Electric utilities are facing new challenges in the United States. Here in the West, we are beginning to experience the direct impacts of climate change, through extreme weather, droughts, reduced snowpack, and wildfires. A hotter, drier climate intensifies wildfire risk and severity. Electric utility infrastructure—like high-voltage transmission lines—have always posed fire risks, but those risks are now much greater than when those facilities were initially constructed. This has led utilities to commence preventative emergency disconnection of electricity service as a tool to mitigate the risk of utility infrastructure sparking deadly and devastating wildfires. These interruptions in service, while reducing wildfire risk, also pose significant hardship on broad populations of utility customers who depend on reliable access to electricity.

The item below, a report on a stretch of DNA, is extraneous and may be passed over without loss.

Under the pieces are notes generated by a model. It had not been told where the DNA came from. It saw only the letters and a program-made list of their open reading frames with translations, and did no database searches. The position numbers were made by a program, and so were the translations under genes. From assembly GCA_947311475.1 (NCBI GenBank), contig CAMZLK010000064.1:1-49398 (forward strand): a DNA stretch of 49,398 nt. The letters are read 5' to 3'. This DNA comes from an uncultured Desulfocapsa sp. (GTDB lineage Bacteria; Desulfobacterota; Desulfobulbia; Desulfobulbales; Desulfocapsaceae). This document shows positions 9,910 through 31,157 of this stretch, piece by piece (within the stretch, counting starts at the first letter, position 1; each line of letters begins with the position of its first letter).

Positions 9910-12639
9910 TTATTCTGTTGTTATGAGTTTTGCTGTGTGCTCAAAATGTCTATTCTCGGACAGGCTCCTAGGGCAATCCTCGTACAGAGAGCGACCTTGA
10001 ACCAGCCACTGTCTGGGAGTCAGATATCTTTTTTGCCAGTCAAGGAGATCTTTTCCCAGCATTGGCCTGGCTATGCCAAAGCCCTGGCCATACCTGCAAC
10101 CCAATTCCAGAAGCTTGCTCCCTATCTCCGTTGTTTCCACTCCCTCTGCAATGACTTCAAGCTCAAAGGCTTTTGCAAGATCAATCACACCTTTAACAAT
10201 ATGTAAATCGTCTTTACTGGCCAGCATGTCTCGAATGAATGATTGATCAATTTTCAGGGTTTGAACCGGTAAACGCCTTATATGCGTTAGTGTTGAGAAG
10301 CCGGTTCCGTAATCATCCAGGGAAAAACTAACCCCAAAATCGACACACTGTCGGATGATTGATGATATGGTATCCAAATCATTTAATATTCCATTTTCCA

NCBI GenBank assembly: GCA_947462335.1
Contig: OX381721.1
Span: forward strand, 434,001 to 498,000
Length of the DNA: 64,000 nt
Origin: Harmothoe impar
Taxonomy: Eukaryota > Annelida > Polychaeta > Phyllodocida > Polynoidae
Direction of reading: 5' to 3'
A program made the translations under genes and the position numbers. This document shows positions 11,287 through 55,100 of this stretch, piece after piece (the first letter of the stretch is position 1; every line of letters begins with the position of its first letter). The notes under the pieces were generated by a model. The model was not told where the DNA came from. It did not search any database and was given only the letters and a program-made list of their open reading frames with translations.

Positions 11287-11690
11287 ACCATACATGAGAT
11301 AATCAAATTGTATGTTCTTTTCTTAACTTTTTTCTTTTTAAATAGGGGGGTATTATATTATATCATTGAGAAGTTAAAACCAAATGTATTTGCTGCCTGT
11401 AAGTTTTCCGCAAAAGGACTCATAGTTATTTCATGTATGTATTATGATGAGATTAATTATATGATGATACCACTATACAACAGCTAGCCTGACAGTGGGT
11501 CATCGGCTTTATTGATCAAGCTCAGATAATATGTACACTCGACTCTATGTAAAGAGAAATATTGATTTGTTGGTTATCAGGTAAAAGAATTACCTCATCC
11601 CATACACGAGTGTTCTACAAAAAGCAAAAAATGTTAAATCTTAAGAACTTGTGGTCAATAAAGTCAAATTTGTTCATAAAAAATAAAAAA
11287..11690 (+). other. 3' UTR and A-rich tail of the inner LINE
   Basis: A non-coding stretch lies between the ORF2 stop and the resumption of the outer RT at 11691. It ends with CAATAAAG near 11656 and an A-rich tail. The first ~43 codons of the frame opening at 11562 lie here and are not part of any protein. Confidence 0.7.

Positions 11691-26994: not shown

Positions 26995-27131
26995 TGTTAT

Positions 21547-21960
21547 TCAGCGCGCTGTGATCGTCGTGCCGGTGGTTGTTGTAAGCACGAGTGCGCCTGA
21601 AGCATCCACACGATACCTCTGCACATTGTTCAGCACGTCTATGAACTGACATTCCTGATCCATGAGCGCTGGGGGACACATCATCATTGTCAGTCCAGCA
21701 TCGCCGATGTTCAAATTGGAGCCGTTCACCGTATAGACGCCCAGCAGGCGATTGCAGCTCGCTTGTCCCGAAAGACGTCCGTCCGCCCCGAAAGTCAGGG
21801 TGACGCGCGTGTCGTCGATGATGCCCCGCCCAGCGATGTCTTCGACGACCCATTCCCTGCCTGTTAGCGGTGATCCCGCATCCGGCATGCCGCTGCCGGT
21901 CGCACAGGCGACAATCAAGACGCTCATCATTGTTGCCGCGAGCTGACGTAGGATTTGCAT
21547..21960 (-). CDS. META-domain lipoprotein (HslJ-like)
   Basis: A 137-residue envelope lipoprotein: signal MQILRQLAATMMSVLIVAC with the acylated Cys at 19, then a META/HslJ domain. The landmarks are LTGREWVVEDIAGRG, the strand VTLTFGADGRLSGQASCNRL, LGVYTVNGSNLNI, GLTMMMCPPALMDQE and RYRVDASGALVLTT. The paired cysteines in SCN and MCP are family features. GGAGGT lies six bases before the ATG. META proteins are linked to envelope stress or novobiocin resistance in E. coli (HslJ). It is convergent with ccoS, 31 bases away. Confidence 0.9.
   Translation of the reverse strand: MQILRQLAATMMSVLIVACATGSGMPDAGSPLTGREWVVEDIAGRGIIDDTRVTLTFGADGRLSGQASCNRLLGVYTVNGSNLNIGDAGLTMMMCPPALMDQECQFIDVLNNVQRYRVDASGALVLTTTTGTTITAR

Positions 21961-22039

In reaction to these intensifying operational risks from electric utility infrastructure and unpopular impacts on customers, two regulatory trends are emerging. First, utilities are seeking to be more proactive in maintaining infrastructure and proposing new wildfire mitigation programs. Second, regulators and utility customers are turning to distributed energy resources as a way to improve the reliability and resilience of electricity service. This article explores both trends in the context of Colorado, a wildfire-prone state with vertically integrated regulated utilities.